by Justin Reynolds
Frankenstein: or The Modern Prometheus, the classic novel by Mary Shelley that stands at the pinnacle of the gothic tradition and looks forward to the new genre of science fiction, was first published 200 years ago this month. Shelley’s visceral tale of the terrible consequences that follow the failure of brilliant young scientist Victor Frankenstein to take responsibility for the strange new life he creates, is both of its time and utterly contemporary.
It can be read as a high Romantic fantasy set against a background of electric storms, shimmering Alpine peaks, Rhineland forests and Arctic wastelands, and as a subtle meditation on themes of knowledge and responsibility that resonate with today’s hopes and fears for the possibilities opened by artificial intelligence (AI) and synthetic biology.Continue Reading
by Bradley Allsop
Young people can’t catch a break. On the one hand, we’re scolded and ridiculed for our apparent lack of engagement with traditional political institutions, which is generally assumed to be a result of our ‘laziness’ or ‘apathy’, with our disillusionment and distrust with politicians that have continually failed us apparently precluding our ‘right to complain’. On the other hand, when we do engage politically, in those rare moments when we do seek to take an active role in our futures, we’re painted as thuggish, fragile or naïve. In short, the message we continually get is: “engage – but not like that!”
by Laura Potts
Artistic culture and practice has changed drastically over the past few centuries. From Renaissance painting and its high-minded focus on aesthetic and documentary purpose, to the eruption of absurdist Dada work in 1915, to the stark political statements of much modern art. The aesthetics of art and its chosen themes are not the only thing that has changed though; the spaces where we encounter art have also transformed.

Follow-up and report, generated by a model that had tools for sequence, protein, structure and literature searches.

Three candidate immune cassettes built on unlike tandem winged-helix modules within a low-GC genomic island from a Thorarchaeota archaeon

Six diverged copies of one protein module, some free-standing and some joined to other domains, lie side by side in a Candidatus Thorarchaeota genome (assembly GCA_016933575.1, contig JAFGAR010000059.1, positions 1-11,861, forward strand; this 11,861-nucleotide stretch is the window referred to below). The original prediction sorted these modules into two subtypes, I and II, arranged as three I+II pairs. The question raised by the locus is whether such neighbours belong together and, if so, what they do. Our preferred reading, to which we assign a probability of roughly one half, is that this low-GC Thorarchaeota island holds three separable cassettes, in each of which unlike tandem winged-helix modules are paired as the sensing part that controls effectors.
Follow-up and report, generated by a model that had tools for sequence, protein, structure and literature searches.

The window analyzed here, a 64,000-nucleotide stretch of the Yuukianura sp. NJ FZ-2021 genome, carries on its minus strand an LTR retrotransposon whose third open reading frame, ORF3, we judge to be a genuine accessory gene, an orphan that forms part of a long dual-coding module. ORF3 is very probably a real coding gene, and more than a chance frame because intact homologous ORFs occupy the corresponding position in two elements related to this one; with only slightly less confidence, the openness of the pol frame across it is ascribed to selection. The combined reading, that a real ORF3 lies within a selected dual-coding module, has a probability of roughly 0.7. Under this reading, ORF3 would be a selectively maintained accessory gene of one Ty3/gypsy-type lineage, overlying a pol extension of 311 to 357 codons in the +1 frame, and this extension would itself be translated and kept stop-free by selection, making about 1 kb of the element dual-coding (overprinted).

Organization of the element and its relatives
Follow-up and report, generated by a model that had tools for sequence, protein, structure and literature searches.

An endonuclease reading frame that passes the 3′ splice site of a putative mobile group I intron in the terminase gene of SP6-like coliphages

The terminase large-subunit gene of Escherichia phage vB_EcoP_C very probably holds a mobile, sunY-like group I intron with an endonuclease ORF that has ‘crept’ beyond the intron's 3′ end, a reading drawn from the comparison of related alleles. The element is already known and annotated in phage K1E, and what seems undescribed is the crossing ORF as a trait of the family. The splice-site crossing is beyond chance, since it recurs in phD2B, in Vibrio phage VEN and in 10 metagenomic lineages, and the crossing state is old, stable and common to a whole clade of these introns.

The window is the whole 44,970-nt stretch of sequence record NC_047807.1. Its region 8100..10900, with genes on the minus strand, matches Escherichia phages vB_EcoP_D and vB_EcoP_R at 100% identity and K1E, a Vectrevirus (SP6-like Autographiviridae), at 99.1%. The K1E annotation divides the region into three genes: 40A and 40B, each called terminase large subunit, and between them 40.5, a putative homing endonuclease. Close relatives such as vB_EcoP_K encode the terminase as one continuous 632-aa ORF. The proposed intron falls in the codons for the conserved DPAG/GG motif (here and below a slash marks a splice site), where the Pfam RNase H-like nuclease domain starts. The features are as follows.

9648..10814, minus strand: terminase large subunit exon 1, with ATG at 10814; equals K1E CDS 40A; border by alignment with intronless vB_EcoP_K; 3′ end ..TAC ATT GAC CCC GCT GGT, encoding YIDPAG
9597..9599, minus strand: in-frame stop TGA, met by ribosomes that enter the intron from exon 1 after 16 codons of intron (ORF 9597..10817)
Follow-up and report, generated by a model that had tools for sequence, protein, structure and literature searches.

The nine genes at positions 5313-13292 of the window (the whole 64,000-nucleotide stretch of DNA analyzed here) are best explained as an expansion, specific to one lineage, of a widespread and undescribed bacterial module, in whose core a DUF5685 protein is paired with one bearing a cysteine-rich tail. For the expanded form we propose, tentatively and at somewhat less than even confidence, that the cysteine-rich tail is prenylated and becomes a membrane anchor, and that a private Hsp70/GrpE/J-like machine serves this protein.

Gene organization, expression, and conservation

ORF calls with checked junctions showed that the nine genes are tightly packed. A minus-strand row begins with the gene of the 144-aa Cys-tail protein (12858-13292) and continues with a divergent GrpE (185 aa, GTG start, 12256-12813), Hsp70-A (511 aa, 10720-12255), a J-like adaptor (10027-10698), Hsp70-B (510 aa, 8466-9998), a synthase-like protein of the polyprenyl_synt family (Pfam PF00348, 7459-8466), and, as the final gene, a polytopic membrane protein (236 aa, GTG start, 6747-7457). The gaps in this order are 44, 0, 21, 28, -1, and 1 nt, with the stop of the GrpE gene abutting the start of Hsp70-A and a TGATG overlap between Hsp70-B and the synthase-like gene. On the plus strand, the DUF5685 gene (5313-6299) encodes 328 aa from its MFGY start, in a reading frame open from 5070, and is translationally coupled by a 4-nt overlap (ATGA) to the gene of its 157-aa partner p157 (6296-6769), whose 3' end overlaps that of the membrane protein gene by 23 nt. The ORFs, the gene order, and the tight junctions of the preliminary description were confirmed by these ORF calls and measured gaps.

For part 1, click here.
Content warning: links contain references to white nationalism and Charlottesville.
By Rob Harding
Unfortunately, I can’t provide a full road map to the future from our current Nazi-sodden economically unstable world of earthbound, cishet-dominated capitalism (at least, not in 600 words). If the 20th century taught us anything, it’s that traditional revolutions are messy, violent and frequently impossibly complex things, and, even if their intentions are good, they tend to make things worse rather than better. A violent uprising with the fat cats first against the wall is perhaps a good daydream while you’re stressed and trying to pay your rent on time, but in practice we’d get another Stalin.
As such, this article will be much more hypothetical, looking at the kind of technology necessary for a global, fully automated and luxurious communist society, and then looking at ways we might potentially create and distribute it.Continue Reading
by Carmina Masoliver
CW: discussion of domestic violence
An eight episode series, Las Chicas del Cable (The Cable Girls) begins with a woman killing her friend’s husband – part self-defence, part accident – also shooting her friend. It’s a drama full of love stories, as well as crime and mystery, yet domestic violence is a major theme that runs through the series. Set in 1928 in Madrid, it shows the impossibility of leaving an abusive relationship in a patriarchal society, where even the law protects men who are abusers.Continue Reading
by Bradley Allsop
For the third time in a year an earthquake has rocked the political establishment, upsetting polls, pundits and precedent alike. Yet this time, unlike the division and isolation of Brexit, or the utter horror of Trump, we instead have hope. Snatching insurgence from the jaws of implosion, Labour and the broader left have risen to the edge of power. Yet whilst the election result was an excellent start, surviving the challenges our society faces will require much more. We need to build a movement which aims for nothing less than a complete transformation of our society. It is crucial now that we do not succumb to hubris or allow ourselves to be absorbed by the internal Conservative party debates – we need to use the time granted by their division to plan, organise and mobilise the movement that will transform Britain.
by Alice Thomson
Point of view is surprisingly important. As a child, I was always being told by my mother to ‘put my feet in another’s shoes’. It’s surprisingly difficult for children to actually do this.
According to Piaget’s theory of cognitive development, children between the age of 2 and 7 are in the preoperational stage. During this stage, children are egotistical in the purest sense. They display Centration and Egocentrism which means the child has a tendency to focus on one aspect of a situation at one time and they have an inability to see a situation from another’s point of view.Continue Reading